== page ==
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Denver, CO – Americans for Prosperity-Colorado (AFP-CO) today announced support for Governor Jared Polis’ veto of several bills that would have placed harsher restrictions on managers of homeowner associations, genetic counselors, and sports agents. Governor Polis noted the move “will allow more people to work,” and will remove other “existing outdated or counterproductive licenses.”
AFP-CO State Director Jesse Mallory issued the following statement:
“Governor Polis is right to veto legislation that makes it harder for Coloradans to find work. Too often occupational licenses—government permission slips to work—are misused to protect entrenched interests, slamming the door on the dreams of would-be entrepreneurs. Colorado lawmakers should focus on removing the barriers that prevent ordinary folks from earning success, not adding new obstacles.”
According to the Institute for Justice, Colorado does far better than most states in allowing it’s citizens to find work without overly burdensome licensing requirements. On average, Colorado’s barriers to entry are $344 in fees, 260 days lost to education and experience, and roughly two exams.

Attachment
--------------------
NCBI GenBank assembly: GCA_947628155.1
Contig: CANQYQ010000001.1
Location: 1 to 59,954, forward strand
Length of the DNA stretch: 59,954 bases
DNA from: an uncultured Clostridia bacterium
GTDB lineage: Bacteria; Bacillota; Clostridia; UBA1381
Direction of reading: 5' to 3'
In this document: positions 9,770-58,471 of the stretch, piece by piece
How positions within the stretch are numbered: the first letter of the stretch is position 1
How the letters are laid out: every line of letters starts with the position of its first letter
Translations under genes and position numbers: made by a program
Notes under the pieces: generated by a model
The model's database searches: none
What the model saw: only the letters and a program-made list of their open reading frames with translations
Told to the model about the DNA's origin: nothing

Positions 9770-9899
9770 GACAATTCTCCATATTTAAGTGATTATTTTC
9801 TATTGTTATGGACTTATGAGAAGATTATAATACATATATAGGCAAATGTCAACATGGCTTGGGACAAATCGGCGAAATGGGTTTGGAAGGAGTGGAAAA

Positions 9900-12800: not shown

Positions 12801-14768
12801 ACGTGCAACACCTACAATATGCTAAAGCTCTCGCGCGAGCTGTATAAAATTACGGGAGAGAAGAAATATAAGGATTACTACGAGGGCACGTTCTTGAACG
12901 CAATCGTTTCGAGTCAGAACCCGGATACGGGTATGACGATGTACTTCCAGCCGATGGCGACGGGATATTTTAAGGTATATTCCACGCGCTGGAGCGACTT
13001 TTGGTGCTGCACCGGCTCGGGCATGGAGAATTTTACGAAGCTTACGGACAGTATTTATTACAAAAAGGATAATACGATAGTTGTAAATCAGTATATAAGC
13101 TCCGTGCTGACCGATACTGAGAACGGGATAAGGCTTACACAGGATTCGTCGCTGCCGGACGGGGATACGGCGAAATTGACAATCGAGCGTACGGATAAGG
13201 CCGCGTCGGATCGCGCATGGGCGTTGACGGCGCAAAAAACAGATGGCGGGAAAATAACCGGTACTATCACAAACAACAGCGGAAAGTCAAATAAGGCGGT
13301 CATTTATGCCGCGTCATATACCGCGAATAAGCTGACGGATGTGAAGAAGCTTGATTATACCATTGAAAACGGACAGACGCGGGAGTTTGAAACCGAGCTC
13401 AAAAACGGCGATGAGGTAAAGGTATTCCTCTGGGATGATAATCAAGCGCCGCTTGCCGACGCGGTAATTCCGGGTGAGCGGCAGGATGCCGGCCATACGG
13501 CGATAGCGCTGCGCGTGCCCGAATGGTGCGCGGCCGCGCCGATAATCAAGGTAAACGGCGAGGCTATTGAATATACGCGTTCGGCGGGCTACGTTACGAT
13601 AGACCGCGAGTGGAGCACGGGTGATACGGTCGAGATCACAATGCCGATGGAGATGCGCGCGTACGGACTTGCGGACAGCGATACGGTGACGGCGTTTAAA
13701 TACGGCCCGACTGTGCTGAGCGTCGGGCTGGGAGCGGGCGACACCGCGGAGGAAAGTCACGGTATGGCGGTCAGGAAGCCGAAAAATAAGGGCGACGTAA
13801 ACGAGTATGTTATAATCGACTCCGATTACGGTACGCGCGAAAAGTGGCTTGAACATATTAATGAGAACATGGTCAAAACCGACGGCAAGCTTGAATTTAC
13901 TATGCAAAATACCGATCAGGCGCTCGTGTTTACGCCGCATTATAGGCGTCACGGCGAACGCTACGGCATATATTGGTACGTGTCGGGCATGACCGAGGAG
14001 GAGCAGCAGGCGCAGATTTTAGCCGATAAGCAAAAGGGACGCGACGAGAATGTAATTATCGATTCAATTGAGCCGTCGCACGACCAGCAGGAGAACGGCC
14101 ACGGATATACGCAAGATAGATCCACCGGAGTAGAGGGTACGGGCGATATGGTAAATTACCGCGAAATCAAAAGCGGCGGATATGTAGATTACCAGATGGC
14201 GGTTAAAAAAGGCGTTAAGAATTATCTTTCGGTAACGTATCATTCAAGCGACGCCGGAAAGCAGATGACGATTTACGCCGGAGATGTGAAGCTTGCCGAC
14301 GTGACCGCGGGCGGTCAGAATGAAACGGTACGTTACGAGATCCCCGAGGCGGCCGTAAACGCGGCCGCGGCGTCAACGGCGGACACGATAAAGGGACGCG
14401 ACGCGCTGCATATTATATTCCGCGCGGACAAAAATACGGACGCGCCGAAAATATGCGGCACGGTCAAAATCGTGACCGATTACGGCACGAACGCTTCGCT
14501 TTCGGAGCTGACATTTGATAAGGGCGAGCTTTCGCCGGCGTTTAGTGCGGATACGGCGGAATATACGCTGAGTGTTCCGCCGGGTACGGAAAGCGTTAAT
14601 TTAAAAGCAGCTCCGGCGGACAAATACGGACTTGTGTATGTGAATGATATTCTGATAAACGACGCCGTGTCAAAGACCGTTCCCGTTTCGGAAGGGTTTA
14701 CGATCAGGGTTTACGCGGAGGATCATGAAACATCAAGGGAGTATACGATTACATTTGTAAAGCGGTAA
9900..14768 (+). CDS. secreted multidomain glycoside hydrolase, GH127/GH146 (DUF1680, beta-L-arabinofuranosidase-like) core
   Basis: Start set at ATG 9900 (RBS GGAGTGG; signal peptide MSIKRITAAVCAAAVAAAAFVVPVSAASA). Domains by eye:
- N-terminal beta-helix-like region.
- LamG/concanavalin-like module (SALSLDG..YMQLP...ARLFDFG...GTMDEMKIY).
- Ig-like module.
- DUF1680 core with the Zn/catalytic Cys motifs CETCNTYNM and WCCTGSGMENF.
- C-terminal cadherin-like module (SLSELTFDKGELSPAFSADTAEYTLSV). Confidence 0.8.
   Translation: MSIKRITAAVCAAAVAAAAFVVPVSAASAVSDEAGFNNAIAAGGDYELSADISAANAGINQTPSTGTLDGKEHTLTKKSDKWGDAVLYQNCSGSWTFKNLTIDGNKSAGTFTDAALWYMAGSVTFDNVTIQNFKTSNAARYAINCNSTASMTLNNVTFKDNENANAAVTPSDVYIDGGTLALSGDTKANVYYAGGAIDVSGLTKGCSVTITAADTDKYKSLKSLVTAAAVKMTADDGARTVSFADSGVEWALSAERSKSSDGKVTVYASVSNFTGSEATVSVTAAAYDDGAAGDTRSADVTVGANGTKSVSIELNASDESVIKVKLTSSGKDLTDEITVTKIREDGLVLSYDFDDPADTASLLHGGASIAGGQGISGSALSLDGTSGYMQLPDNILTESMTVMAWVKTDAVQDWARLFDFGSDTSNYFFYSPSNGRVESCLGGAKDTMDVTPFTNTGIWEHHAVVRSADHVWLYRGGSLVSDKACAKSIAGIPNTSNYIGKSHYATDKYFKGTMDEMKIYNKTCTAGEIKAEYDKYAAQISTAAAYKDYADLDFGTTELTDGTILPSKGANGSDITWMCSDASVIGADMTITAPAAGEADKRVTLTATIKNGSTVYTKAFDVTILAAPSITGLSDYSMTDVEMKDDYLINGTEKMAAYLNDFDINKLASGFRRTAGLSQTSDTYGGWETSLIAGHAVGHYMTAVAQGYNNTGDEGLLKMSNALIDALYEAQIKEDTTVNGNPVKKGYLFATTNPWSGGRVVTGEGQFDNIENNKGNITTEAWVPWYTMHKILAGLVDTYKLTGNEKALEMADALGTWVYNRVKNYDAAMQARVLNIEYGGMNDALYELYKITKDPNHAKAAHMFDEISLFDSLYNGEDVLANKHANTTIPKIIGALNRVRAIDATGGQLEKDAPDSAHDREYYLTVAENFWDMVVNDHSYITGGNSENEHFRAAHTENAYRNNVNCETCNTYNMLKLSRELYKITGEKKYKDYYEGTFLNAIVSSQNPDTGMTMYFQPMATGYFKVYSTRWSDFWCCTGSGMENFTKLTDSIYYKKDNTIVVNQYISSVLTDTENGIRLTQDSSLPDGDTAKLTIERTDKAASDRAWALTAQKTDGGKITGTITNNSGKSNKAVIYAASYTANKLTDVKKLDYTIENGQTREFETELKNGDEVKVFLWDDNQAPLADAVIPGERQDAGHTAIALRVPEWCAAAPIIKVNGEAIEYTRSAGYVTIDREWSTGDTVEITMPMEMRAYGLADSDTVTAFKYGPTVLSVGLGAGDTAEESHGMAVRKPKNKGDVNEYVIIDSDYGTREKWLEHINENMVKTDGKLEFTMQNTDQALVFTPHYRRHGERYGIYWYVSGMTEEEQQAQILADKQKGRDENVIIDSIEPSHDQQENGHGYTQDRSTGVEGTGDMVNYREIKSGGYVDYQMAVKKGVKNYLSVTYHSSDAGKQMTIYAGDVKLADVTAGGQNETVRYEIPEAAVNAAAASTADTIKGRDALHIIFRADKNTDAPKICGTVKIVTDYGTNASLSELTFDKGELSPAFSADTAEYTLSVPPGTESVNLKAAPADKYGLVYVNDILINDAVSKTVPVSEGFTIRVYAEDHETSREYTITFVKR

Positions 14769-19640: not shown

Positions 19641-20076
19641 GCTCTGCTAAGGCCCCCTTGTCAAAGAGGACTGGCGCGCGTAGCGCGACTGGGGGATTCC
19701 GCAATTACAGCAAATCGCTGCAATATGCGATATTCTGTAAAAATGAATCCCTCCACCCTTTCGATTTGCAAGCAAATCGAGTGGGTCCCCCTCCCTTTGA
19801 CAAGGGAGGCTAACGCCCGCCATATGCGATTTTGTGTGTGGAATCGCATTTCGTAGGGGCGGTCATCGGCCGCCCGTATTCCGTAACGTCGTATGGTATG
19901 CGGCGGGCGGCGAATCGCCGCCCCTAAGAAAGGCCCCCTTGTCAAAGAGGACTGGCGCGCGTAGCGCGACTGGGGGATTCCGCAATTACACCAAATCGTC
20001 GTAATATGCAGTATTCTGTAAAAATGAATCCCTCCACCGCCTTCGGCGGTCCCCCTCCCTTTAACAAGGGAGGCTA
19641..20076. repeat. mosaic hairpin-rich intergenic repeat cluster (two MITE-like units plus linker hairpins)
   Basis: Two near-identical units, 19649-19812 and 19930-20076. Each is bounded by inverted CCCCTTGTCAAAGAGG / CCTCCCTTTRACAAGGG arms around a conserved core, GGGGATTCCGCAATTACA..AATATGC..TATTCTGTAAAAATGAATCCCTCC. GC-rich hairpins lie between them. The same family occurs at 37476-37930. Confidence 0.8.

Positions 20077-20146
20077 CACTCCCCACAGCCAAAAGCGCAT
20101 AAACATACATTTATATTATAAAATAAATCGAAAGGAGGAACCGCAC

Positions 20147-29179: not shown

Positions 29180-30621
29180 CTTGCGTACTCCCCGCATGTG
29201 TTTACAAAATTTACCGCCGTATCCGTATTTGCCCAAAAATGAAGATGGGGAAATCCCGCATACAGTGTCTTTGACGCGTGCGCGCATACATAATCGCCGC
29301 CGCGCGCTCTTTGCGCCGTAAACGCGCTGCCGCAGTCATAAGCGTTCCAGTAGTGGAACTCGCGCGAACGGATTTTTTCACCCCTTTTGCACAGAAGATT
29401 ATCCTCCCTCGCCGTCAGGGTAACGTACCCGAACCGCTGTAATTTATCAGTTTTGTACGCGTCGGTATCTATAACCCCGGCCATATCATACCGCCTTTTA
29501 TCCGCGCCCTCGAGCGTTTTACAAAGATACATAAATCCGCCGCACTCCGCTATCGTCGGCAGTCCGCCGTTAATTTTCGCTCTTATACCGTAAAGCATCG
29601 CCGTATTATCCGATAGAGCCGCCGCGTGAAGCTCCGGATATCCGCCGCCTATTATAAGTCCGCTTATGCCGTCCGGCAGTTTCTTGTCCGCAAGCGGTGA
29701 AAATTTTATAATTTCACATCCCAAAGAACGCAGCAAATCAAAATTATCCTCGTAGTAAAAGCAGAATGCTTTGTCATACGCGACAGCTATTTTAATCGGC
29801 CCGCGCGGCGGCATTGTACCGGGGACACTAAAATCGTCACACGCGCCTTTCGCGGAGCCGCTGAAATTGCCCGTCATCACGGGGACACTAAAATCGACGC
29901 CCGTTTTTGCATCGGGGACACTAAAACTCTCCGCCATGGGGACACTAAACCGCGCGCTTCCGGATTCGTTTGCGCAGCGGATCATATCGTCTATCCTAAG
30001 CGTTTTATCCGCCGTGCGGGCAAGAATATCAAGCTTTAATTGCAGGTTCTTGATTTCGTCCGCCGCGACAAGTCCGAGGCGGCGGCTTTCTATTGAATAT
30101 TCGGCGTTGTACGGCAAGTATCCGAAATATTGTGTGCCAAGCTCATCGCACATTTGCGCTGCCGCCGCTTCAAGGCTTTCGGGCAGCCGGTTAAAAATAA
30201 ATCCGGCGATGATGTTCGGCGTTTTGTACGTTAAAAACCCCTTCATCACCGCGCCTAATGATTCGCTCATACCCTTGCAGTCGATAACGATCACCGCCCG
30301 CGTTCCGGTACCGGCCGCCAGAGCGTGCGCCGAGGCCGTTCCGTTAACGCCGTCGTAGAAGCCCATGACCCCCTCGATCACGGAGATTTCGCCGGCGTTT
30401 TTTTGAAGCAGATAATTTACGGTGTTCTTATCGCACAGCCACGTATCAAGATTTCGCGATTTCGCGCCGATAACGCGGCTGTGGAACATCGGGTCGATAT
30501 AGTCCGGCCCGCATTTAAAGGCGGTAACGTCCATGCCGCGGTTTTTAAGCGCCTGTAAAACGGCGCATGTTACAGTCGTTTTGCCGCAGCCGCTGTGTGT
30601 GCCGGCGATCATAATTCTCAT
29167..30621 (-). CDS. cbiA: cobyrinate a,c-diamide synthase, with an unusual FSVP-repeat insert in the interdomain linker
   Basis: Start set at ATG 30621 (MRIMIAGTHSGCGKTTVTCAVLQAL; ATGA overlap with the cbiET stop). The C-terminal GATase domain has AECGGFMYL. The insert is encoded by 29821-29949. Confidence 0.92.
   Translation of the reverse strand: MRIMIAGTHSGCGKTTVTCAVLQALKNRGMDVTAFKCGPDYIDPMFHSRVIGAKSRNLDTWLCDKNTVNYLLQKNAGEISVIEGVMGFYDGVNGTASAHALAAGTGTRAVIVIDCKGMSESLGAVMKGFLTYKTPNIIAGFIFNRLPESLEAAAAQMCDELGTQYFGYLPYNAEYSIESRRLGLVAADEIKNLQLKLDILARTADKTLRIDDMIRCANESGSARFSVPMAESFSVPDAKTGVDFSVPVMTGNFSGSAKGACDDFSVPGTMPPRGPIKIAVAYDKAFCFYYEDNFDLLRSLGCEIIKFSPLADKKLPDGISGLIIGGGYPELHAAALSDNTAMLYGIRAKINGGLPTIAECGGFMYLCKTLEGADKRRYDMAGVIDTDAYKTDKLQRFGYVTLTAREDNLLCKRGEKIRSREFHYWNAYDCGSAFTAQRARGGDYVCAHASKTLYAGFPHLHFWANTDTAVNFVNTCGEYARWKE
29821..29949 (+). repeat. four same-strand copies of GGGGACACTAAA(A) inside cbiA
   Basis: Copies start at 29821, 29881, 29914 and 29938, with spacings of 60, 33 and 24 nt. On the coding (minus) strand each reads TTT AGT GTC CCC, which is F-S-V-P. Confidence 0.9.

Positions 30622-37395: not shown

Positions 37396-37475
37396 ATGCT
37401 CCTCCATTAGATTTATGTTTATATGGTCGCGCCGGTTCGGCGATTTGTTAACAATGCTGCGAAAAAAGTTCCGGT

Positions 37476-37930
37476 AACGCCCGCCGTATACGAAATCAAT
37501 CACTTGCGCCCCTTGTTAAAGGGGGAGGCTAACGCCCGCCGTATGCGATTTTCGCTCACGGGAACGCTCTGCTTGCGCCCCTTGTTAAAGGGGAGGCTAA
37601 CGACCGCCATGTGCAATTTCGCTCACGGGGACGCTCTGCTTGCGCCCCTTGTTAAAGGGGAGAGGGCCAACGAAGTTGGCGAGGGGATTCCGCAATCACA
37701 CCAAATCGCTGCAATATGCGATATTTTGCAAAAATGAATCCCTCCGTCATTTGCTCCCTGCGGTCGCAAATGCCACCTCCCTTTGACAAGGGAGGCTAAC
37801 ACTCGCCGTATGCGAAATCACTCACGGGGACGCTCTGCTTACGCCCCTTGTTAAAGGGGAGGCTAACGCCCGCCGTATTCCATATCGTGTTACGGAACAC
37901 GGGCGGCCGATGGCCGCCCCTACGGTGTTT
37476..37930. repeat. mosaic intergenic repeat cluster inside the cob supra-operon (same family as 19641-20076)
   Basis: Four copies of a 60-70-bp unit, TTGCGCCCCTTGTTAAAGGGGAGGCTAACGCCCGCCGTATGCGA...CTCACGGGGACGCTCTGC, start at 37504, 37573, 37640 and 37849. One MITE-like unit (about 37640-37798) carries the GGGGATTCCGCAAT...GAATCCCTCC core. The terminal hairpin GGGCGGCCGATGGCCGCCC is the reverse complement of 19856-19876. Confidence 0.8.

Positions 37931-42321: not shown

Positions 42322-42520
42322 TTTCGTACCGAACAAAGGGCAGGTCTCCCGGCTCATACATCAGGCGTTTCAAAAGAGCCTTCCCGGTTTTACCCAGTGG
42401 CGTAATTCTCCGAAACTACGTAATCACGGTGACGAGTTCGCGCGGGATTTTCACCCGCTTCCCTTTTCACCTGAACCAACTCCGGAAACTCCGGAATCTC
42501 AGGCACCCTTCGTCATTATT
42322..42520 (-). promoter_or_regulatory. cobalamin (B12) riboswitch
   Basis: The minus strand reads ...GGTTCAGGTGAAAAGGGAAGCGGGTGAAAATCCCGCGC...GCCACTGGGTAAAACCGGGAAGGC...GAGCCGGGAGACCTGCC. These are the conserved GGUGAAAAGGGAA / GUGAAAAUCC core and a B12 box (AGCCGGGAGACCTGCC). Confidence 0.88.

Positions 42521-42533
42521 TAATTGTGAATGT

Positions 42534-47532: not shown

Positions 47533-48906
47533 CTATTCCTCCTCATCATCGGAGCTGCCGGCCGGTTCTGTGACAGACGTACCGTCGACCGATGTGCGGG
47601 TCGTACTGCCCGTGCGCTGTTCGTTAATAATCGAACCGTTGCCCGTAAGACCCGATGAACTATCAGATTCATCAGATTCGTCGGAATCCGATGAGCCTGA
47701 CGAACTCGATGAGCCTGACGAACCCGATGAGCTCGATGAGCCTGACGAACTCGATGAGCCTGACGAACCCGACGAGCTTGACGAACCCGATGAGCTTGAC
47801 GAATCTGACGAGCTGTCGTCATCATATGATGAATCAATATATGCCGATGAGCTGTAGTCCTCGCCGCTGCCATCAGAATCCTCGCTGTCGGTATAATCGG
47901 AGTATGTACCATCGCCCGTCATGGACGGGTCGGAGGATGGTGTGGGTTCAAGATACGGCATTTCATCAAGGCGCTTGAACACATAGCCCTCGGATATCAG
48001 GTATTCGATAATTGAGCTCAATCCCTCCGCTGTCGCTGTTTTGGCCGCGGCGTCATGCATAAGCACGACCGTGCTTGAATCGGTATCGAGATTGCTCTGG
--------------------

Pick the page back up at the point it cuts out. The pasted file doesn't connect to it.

Despite having lower licensing burdens than most states, Colorado still has room for improvement. Colorado imposes restrictions on barbers and cosmetologists that are disproportionately burdensome compared to those for occupations that may pose greater risks to the public. Aspiring barbers must pay a $155 fee and complete 1,500 hours (around 350 days) of education, while would-be cosmetologists must pay a $177 fee and complete 1,800 hours (roughly 420 days) of education. Both must also pass two exams. EMTs, on the other hand, must only pay a $98 fee, demonstrate 150 hours (about 35 days) of education and pass two exams.
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